Skubick: Michigan lawmakers clash over transparency proposal


LANSING, Mich. (WLNS) – A bipartisan plan released last week to change the financial disclosure law for legislators is drawing fire from a key legislator who dismisses the proposal as “lies, whitewash and not a compromise.”

Under current state law, if you are a legislator who owns a business such as a bar, and there’s a bill to lower the liquor tax, you are supposed to announce that you will not vote on this because it’s a clear conflict of interest.

The problem is there is no penalty if you do vote, and more importantly, lawmakers are on the honor system to make the disclosure since there is no record anywhere that you have this business in the first place.

Democratic Rep. David LaGrand and a bipartisan group introduced an 8-bill package to force lawmakers to make a public financial disclosure so voters can judge if there is a conflict.

But, out of the blue last week, the House GOP speaker Wentworth and the House Democratic leader Lesinski introduced a new disclosure law that:

“Is a parallel proposal now to have fraudulent or hypocritical finance disclosure, because it would be disclosed to a secret committee which would be exempt from the open meetings act,” said LeGrand.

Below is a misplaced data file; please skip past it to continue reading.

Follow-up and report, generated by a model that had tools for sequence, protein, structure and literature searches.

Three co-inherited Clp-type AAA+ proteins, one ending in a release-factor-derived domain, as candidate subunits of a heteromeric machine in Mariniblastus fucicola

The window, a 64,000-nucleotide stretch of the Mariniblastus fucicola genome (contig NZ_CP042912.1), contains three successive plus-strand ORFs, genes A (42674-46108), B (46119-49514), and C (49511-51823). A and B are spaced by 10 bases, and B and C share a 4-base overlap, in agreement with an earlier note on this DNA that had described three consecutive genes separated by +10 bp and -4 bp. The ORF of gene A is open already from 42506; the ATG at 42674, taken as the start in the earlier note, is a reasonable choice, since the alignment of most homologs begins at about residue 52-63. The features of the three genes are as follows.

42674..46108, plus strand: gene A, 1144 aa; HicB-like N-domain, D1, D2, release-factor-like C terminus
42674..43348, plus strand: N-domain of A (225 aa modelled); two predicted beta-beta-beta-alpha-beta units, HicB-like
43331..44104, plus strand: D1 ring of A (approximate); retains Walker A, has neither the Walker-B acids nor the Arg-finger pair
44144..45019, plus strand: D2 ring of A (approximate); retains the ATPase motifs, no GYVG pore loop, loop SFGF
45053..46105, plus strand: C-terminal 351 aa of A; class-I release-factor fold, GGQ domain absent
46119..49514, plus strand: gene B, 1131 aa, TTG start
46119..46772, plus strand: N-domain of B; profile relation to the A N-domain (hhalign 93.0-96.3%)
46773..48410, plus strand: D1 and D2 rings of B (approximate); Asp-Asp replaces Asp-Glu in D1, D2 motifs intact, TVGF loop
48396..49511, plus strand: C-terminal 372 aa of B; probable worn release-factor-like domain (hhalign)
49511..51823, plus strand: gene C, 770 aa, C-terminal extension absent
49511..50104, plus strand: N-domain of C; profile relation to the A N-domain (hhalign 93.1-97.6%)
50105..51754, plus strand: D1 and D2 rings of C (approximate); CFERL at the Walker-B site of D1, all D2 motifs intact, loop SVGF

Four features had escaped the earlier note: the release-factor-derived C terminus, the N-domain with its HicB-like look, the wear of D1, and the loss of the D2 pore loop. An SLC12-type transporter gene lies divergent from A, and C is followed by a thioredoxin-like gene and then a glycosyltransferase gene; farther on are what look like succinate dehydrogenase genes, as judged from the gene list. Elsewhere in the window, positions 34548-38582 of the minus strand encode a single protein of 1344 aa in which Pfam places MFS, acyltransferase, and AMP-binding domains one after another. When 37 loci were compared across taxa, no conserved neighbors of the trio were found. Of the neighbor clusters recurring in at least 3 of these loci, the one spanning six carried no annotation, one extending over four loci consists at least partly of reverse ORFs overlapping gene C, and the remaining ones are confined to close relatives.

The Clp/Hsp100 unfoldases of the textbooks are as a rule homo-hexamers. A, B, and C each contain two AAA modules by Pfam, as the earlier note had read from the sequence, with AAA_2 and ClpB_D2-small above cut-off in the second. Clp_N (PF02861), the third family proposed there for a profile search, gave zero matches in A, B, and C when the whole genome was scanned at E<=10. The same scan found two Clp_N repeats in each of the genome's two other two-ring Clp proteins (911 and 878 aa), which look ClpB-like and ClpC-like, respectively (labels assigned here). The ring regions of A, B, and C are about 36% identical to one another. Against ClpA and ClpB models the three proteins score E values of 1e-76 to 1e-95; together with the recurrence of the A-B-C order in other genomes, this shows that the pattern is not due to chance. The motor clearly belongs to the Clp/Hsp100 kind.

This new proposal would create a committee of two Republicans and two Democrats who would collect financial data from lawmakers, and then the four would pass judgment on whether there was a conflict, and ten days after that they would report action to the public.

But Rep. LaGrand argues they could do something else: blackmail their colleagues by saying to a colleague with a conflict of interest… “It would be a shame if we opened an investigation into you. How about you support what I want to do,” said LaGrand.

The grassroots citizens group Voters Not Politicians led by Nancy Wang has signed off on this new proposal, but LaGrand disagrees.

“Claiming you’ve made progress, that’s whitewashing, that is taking a step backward. No matter what kind of spin you put on it, It’s not disclosure to the public so it’s a lie.”

This sets up what could be an interesting fight between Democrats who don’t like this bill, and their leader who does not believe its a lie.

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